Futamura, Yoshiaki; Sagawa, Hisashi; Shimakawa, Satoshi; Tsuchiya, Kunihiko; Kuroda, Toshimasa; Kawamura, Hiroshi.

    1994-01-01

    To develop a tritium breeding blanket for a fusion reactor, irradiation tests in fission reactors are indispensable for obtaining data on irradiation effects on materials, and neutronics/thermal characteristics and tritium production/recovery performance of the blanket. Various irradiation tests have been conducted in the world, especially to investigate tritium release characteristics from tritium breeding and neutron multiplier materials, and materials integrity under irradiation. In Japan, VOM experiments at JRR-2 for ceramic breeders and experiments at JMTR for ceramic breeders and beryllium as a neutron multiplier have been performed. Several universities have also investigated ceramic breeders. In the EC, the EXOTIC experiments at HFR in the Netherlands and the SIBELIUS, the LILA, the LISA and the MOZART experiments for ceramic breeders have carried out. In Canada, NRU has been used for the CRITIC experiments. The TRIO experiments at ORR(ORNL), experiments at RTNS-II, FUBR and ATR have been conducted in the USA. The last two are experiments with high neutron fluence aiming at investigating materials integrity under irradiation. The BEATRIX-I and -II experiments have proceeded under international collaboration of Japan, Canada, the EC and the USA. This report shows the present status of these irradiation tests following a review of the blanket design in the ITER CDA(Conceptual Design Activity). (author)

  11. Comparison of the microstructure, deformation and crack initiation behavior of austenitic stainless steel irradiated in-reactor or with protons

    Energy Technology Data Exchange (ETDEWEB)

    Stephenson, Kale J., E-mail: kalejs@umich.edu; Was, Gary S.

    2015-01-15

    Highlights: • Dislocation loops were the prominent defect, but neutron irradiation caused higher loop density. • Grain boundaries had similar amounts of radiation-induced segregation. • The increment in hardness and yield stress due to irradiation were very similar. • Relative IASCC susceptibility was nearly identical. • The effect of dislocation channel step height on IASCC was similar. - Abstract: The objective of this study was to compare the microstructures, microchemistry, hardening, susceptibility to IASCC initiation, and deformation behavior resulting from proton or reactor irradiation. Two commercial purity and six high purity austenitic stainless steels with various solute element additions were compared. Samples of each alloy were irradiated in the BOR-60 fast reactor at 320 °C to doses between approximately 4 and 12 dpa or by a 3.2 MeV proton beam at 360 °C to a dose of 5.5 dpa. Irradiated microstructures consisted mainly of dislocation loops, which were similar in size but lower in density after proton irradiation. Both irradiation types resulted in the formation of Ni–Si rich precipitates in a high purity alloy with added Si, but several other high purity neutron irradiated alloys showed precipitation that was not observed after proton irradiation, likely due to their higher irradiation dose. Low densities of small voids were observed in several high purity proton irradiated alloys, and even lower densities in neutron irradiated alloys, implying void nucleation was in process. Elemental segregation at grain boundaries was very similar after each irradiation type. Constant extension rate tensile experiments on the alloys in simulated light water reactor environments showed excellent agreement in terms of the relative amounts of intergranular cracking, and an analysis of localized deformation after straining showed a similar response of cracking to surface step height after both irradiation types. Overall, excellent agreement was observed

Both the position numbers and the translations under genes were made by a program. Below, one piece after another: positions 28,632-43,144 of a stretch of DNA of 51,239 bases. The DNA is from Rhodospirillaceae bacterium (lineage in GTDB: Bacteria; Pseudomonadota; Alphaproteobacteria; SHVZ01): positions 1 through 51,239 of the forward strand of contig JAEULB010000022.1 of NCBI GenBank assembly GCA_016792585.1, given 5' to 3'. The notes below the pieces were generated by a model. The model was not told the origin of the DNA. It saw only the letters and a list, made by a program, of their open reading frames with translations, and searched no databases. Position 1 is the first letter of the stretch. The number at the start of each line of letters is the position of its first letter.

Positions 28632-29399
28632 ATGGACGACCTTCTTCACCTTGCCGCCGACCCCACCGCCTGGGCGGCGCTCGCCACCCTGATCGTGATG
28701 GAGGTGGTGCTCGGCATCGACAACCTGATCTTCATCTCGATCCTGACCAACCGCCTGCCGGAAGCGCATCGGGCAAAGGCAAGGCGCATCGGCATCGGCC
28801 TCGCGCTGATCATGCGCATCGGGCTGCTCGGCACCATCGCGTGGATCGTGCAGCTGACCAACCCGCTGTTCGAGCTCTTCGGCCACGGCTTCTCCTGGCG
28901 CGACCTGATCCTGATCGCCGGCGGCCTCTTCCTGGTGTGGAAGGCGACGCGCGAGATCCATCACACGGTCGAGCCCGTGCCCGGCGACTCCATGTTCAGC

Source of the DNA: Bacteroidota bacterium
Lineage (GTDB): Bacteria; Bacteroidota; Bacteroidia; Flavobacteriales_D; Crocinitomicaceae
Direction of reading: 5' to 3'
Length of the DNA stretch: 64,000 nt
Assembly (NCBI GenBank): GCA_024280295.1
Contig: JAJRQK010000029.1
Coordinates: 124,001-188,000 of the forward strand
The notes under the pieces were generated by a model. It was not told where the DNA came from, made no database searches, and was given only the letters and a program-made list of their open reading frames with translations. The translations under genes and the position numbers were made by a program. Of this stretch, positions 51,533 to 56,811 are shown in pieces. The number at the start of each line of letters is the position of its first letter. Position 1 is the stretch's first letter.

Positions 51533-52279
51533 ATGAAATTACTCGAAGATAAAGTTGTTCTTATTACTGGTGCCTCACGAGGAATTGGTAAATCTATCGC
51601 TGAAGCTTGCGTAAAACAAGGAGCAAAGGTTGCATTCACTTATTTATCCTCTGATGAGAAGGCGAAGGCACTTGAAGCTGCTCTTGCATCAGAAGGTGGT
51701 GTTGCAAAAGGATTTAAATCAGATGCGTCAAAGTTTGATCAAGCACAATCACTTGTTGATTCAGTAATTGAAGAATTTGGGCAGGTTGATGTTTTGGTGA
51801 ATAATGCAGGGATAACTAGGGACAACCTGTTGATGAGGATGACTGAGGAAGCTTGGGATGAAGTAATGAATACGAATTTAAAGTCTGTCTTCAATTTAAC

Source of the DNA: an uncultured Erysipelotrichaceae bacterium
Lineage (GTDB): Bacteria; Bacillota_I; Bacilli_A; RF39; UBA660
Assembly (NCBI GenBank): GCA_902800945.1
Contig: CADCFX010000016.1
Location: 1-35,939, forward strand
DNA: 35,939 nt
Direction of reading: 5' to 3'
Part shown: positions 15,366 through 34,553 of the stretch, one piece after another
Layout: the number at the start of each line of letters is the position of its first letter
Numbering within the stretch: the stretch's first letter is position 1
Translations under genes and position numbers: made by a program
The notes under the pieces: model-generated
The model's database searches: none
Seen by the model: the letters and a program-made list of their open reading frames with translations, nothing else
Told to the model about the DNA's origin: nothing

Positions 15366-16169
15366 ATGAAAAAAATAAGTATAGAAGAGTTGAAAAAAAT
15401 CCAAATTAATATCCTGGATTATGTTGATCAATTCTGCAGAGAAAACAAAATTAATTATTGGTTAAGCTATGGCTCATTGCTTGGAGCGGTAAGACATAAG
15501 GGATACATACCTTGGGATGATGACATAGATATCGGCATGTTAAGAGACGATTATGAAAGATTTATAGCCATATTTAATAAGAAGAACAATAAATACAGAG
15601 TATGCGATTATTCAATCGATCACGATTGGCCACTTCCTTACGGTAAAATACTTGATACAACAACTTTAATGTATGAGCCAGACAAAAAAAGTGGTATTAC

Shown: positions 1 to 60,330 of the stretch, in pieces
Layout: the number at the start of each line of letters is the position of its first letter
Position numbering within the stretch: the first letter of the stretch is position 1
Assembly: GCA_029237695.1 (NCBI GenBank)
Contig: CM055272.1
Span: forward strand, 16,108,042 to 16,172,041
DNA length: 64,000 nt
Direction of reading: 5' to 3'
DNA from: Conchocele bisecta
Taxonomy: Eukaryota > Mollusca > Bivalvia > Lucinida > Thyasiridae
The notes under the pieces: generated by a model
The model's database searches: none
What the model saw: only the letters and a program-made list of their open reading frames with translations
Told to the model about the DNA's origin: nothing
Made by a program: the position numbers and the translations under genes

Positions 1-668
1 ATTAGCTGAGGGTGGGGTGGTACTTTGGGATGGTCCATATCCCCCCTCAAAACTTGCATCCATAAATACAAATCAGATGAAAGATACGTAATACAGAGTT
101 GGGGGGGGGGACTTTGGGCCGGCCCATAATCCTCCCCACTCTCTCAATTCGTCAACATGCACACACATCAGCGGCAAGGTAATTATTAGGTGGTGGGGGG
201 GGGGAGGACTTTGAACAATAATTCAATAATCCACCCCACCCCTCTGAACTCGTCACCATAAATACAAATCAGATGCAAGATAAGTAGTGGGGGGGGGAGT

12. Primary Damage Characteristics in Metals Under Irradiation in the Cores of Thermal and Fast Reactors

    International Nuclear Information System (INIS)

    Pechenkin, V.A.

    2012-01-01

    For an analysis and forecasting of radiation-induced phenomena in structural materials of WWERs, PWRs and BN reactors the fast neutron fluence is usually used (for structural materials of the reactor cores and internals the fluence of neutrons with energy > 0.1 MeV, for WWER and PWRs vessel steels the fluence of neutrons with energy > 0.5 MeV in Russia and East Europe, and with energy > 1.0 MeV in USA and France). Displacements per atom (dpa) seem to be a more appropriate correlation parameter, because it allows comparing the results of materials irradiation in different neutron energy spectra or with different types of particles (neutrons, ions, fast electrons). Energy spectra of primary knocked atoms (PKA) and 'effective' dpa, which are introduced to take into account the point defect recombination during the relaxation stage of a displacement cascade, can be still better representation of the effect of irradiation on material properties. In this work the results of calculating dose rates (dpa/s, NRT-model), PKA energy spectra and PKA mean energies in metals under irradiation in the cores of Russian reactors WWER-440, WWER-1000 (both power thermal reactors) and BN-600 (power fast reactor) and BR-10 (test fast reactor) are presented. In all the reactors Fe and Zr are considered, with addition of Ti and W in BN-600. 'Effective' dose rates in these metals are calculated. Limitations and uncertainties in the standard dpa formulation (the NRT-dpa) are discussed. IPPE activities in the fields related to the TM subject are considered